Safer by Design: ‘Meta’ Review Examines Expanding Branches of Green Chemistry

Wednesday, June 13, 2018

Back in 1998, Paul Anastas co-authored a book that introduced 12 principles of “green chemistry,” an emerging field he’d been promoting at the U.S. Environmental Protection Agency to make chemistry and the related processes cleaner and safer through scientific design. Among other challenges, it called for greater efforts to prevent waste, the reduction or elimination of the use of hazardous chemicals, and a focus on safer solvents

Two decades later the principles of green chemistry infiltrate nearly every industrial sector — from the production of food and energy to the pharmaceutical and cosmetics sectors — and are taught at universities across the world.

green chemistry 20 years cover
In a new review paper, published in the journal Green Chemistry in celebration of the 20th anniversary of the book, Anastas, now a professor at Yale, and a team of co-authors document the range of scientific research and inventions that have emerged from green chemistry. Framed around those 12 principles, the “meta-review” explores the growth achieved within each of the principles — highlighting specific examples and tools that have transformed the world of chemistry — and identifying areas where challenges and opportunities remain.
“There have been literally hundreds, if not thousands, of review papers over the years looking at breakthroughs in bio-based materials, or catalysis, or new solvents, and other green chemistry advances,” said Anastas, the Teresa and H. John Heinz III Professor in the Practice of Chemistry for the Environment at Yale and director of the Center for Green Chemistry and Green Engineering at Yale (CGC&GE).
“But no one has ever conducted a meta-review across the entire field — something that illustrates all of the areas that have emerged, areas where there has been great progress, and quite frankly areas where there has not been much activity. That’s what this paper attempts to do.”
Inspired by the iconic tree diagrams that illustrate the range of applications for particular raw materials, the paper also introduces an illustrated “Green ChemisTREE,” which charts the diversity of research and achievements stemming from each of the principles.
“The biggest challenge was certainly assembling and condensing the vast amounts of green chemistry knowledge that is out there,” said Hanno Erythropel, a postdoctoral associate at Yale and lead author of the review. The team of 16 authors represent the Center for Green Chemistry and Green Engineering at Yale, a multidisciplinary center that integrates students and researchers from the Yale School of Forestry & Environmental Studies, the Yale School of Arts and Sciences, and the Yale School of Engineering and Applied Sciences.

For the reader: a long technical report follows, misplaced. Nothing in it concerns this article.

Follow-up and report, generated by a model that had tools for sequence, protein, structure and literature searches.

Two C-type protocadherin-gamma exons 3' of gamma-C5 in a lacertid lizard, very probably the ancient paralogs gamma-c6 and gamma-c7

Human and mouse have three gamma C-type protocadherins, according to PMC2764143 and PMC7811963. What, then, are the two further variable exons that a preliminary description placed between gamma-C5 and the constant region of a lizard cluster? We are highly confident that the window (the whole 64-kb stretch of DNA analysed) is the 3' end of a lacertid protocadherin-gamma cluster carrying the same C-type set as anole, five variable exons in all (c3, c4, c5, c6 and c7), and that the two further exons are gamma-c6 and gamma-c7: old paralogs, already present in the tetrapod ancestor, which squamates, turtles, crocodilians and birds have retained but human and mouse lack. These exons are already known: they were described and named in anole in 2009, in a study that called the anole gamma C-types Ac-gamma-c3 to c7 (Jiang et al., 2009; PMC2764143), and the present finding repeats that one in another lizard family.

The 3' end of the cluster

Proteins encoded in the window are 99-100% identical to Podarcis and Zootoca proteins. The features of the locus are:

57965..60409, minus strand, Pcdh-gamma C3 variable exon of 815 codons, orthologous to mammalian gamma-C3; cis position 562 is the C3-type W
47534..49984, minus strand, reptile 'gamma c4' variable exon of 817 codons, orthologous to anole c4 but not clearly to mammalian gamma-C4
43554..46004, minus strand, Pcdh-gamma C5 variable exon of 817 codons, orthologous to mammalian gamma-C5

In the mid-1990s, green chemistry was rarely highlighted outside of niche symposia and the occasional publication. Now, a growing network of scientists can access multiple dedicated journals, handbooks and encyclopedias, conferences, training courses, software tools, databases, funding sources and award programs.
There have emerged multiple sub-fields that are growing on the peripheries of toxicology, engineering and other scientific disciplines. Metrics of academic research show that there are more than 300 green chemistry-themed articles that have been cited at least 100 times.
And these advances have penetrated nearly every industrial sector:
  • The pharmaceutical industry, for instance, has made significant progress in waste prevention through simpler processes in the manufacture of products, such as ibuprofen.
  • Scientists have developed analytic processes to evaluate the safety of chemical synthesis, including tools that score the safety of each chemical within a process.
  • Chemical companies have developed processes to produce industrial chemicals while generating only water as co-products.
  • And researchers have developed systems to replace volatile and often toxic solvents with water.

“Green chemistry has touched every business sector that I can imagine, from food to energy, to plastics, to drugs, to cleaning, to cosmetics,” said Anastas. “There’s so much going on.”
To illustrate the diversity and range of green chemistry, the research team devised the Green ChemisTREE diagram, led by Julie Zimmerman, Professor of Green Engineering and Assistant Director for Research at the CGC&GE, in close collaboration with Hanno Erythropel. 
“In the diagram, the branches represent each of the principles of green chemistry while the leaves represent the techniques available to the green chemist — including mechanisms, procedures, design guidelines, and other resources they can use to advance the discipline,” Zimmerman said.
The authors expect that the tree will continue to grow. “Green Chemistry has always been envisioned as a philosophy of continuous improvement,” they write. “(Green) Chemists will constantly question what can be done better, what experiments and collaborations would be a step in the right direction, and how we know we have made progress.”

Contributed by Kevin Dennehy, Associate Director of Communications, School of Forestry and Environmental Studies